Comments about the article in Nature: Quantum-teleportation experiments turn 20

Following is a discussion about this News & Views in Nature Vol 552 7 December 2017, by Nicolas Gisin
To read the article select: In the last paragraph I explain my own opinion.


The article starts with the following text:
Who has never dreamed of undergoing teleportation?
How can you answer this question when you do not know what teleportation is. The article should start with a clear definition. Sorry it does not.
Especially when stuck in a traffic jam.
What has that to do with teleportation?
To get disembodied here and reconstituted at a distant location sounds both marvellous and impossible.
Ofcourse you don't want to be in a traffic jam and if you are, you want to be somewhere else. But that is physical impossible.
But is it really impossible.
True, a body made out of matter cannot merely disappear here and reappear there without travelling the intervening distance. But an object is not just matter, it is also a structure - substance and form as Aistotle taught us long ago; particles and quantum states as physicists would say today.
Replace the word object by human being and you can see that this sentence does not make sense. Anyway Aristotle has nothing to do with teleportation.
Twenty years ago, Boschi et al. and Bouwmeester et al. used this idea to perform the first quantum-teleportation experiments, which led to major advances in quantum-information science.
For more detail about the experiment "Experimental quantum teleportation" by Bouwmeester read this:
What you can see is that the article heavily depents on entanglement.
One sentence in this article reads:
"However, according to Heisenberg's uncertainty relation, one cannot determine the state of a single quantum system by measurement."
How can you prove such a claim ?
In 1993, etc. Entanglement is a phenomenon in which two or more quantum particles share a common state, such that each particle cannot be described independently.
The concept of Entanglement is based on certain experiments in which two particles are involved. In these experiments identical parameters of each particle are measured. The issue is that the results of these measurements are highly correlated in the sense that, if one particle measures a "1" the other one will measure a "0". That is all.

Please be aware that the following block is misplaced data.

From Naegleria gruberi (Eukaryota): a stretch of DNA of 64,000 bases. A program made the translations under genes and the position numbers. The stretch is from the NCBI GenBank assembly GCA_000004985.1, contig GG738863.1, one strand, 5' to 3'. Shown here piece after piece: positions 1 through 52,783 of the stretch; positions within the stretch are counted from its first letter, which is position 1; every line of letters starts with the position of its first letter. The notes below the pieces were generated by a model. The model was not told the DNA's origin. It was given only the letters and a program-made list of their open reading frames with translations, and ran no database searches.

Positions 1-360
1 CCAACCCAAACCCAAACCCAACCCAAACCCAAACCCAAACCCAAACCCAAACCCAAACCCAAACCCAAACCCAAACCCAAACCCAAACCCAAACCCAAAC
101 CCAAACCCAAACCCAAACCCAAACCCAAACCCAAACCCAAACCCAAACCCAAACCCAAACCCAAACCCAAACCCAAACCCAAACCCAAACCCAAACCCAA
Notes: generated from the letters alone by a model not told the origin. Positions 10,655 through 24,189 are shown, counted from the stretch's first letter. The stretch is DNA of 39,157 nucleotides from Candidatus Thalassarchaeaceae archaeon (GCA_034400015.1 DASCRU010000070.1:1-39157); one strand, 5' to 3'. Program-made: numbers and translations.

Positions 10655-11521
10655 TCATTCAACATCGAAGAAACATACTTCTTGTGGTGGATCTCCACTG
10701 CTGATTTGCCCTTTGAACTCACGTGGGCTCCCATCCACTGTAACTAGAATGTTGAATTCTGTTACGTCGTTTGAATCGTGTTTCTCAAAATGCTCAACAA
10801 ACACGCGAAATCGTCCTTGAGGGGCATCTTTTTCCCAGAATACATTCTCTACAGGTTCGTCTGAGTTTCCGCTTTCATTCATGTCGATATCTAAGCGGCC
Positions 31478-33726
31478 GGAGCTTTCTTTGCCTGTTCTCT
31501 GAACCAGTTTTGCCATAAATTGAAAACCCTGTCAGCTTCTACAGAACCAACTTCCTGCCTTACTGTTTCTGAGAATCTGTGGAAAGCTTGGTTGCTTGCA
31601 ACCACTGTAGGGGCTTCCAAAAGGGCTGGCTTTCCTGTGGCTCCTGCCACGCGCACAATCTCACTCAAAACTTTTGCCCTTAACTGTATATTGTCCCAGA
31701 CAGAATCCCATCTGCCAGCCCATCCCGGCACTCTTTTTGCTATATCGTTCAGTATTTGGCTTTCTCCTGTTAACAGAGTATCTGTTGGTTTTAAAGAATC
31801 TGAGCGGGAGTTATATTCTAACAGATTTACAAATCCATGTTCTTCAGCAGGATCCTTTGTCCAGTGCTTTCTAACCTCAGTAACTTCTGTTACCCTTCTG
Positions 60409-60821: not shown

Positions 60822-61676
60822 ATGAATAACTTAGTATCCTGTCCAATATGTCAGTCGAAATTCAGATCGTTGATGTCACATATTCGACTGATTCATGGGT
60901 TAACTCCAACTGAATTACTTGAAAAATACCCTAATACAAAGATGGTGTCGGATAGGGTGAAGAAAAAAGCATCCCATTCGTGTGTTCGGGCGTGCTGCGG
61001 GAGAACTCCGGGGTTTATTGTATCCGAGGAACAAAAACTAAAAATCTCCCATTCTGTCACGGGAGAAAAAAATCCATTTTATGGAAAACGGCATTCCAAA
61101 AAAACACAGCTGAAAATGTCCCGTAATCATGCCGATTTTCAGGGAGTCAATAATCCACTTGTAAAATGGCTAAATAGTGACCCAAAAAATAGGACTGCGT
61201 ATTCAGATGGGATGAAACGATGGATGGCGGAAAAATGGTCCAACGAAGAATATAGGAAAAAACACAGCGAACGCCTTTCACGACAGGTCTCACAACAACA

See also: Reflection 1 - Bell-state Entanglement
Non-locality refers to the observation that spatially separated quantum particles behave in ways that defy our intuition about space and time.
This requires a much longer explanation.
The quantum state would therefore disappear from the sender and reappear at the receiver.
It is logical a transfer operation.

Figure 1 | Quantum teleportation

Twenty years ago, Boschi et al and Bouwmeester et al showed that the quantum state of a photon can be teleported from a sender to a distant receiver.
Did they really show this, demonstrate this in e real experiment or is this athought experiment?
One of the entangled photons is given to the receiver — in principle, in advance of the quantum-teleportation process.
Why do they write "in principle". This smells that this is a thought experiment.
The sender then prepares a photon in an unknown quantum state and combines this photon with the second entangled photon in a device called a Bell-state analyser.
This seems rather simple but the technical implications can be exceptional. See also Reflection 2 - Bell-state analyser
At page 43 we can read:
Fully understanding quantum teleportation is tricky and the concept initially led to some confusion.
If you want to explain quantum teleportation you have to start with a clear demonstration.

The article ends with the following sentence:
Twenty years on from its first experimental demonstrations, quantum teleportation is a tool that will allow the highly successful community of physicists, engineers, computer scientists and mathematicians to work together to develop the next generation of quantum-communication systems and quantum computers.
Sorry to say but this is a dream.

Reflection 1 - Quantum teleportation

IMO the article gives a to much optimistic idea about the present state of art.
Yes particles can be entangled. To demonstrate this you have to perform 1000 identical experiments. The results will show that the particles are correlated, but this correlation in the measurements does not have any physical implication. The cause of the correlation is in the reaction that created the two photons.
The problem is can you can not use such a correlation (as far as I know) to perform any other usefull experiment. You cannot use this to teleport a human being from one place to an other. You also can not use this to send usefull information between to parties.
In principle you can send two entangled messages between two parties:
One will receive the message:
and the other one:
but what does each message mean? (except that they are correlated). Each message is completely random. In hexadecimal notation the first message reads: "1234c7be".

Reflection 2 - Bell-state analyser

The following 4 frames describe the 4 possible outcomes of photon teleportation.
      0--> 0    
    .     .   .    
  .      .       .
0       .          1
   .   .         .
      0--> 1    
    .     .   .    
  .      .       .
0       .          1
       .         .
      1--> 1    
    .     .   .    
  .      .       .
1       .          0
       .         .
      1--> 0    
    .     .   .    
  .      .       .
1       .          0
       .         .
Each frame consist of three lines. From a theoretical point of view all this looks rather simple. From a technical point of view this is very complex process.



Created: 16 February 2018

Back to my home page Index
Back to Nature comments Nature Index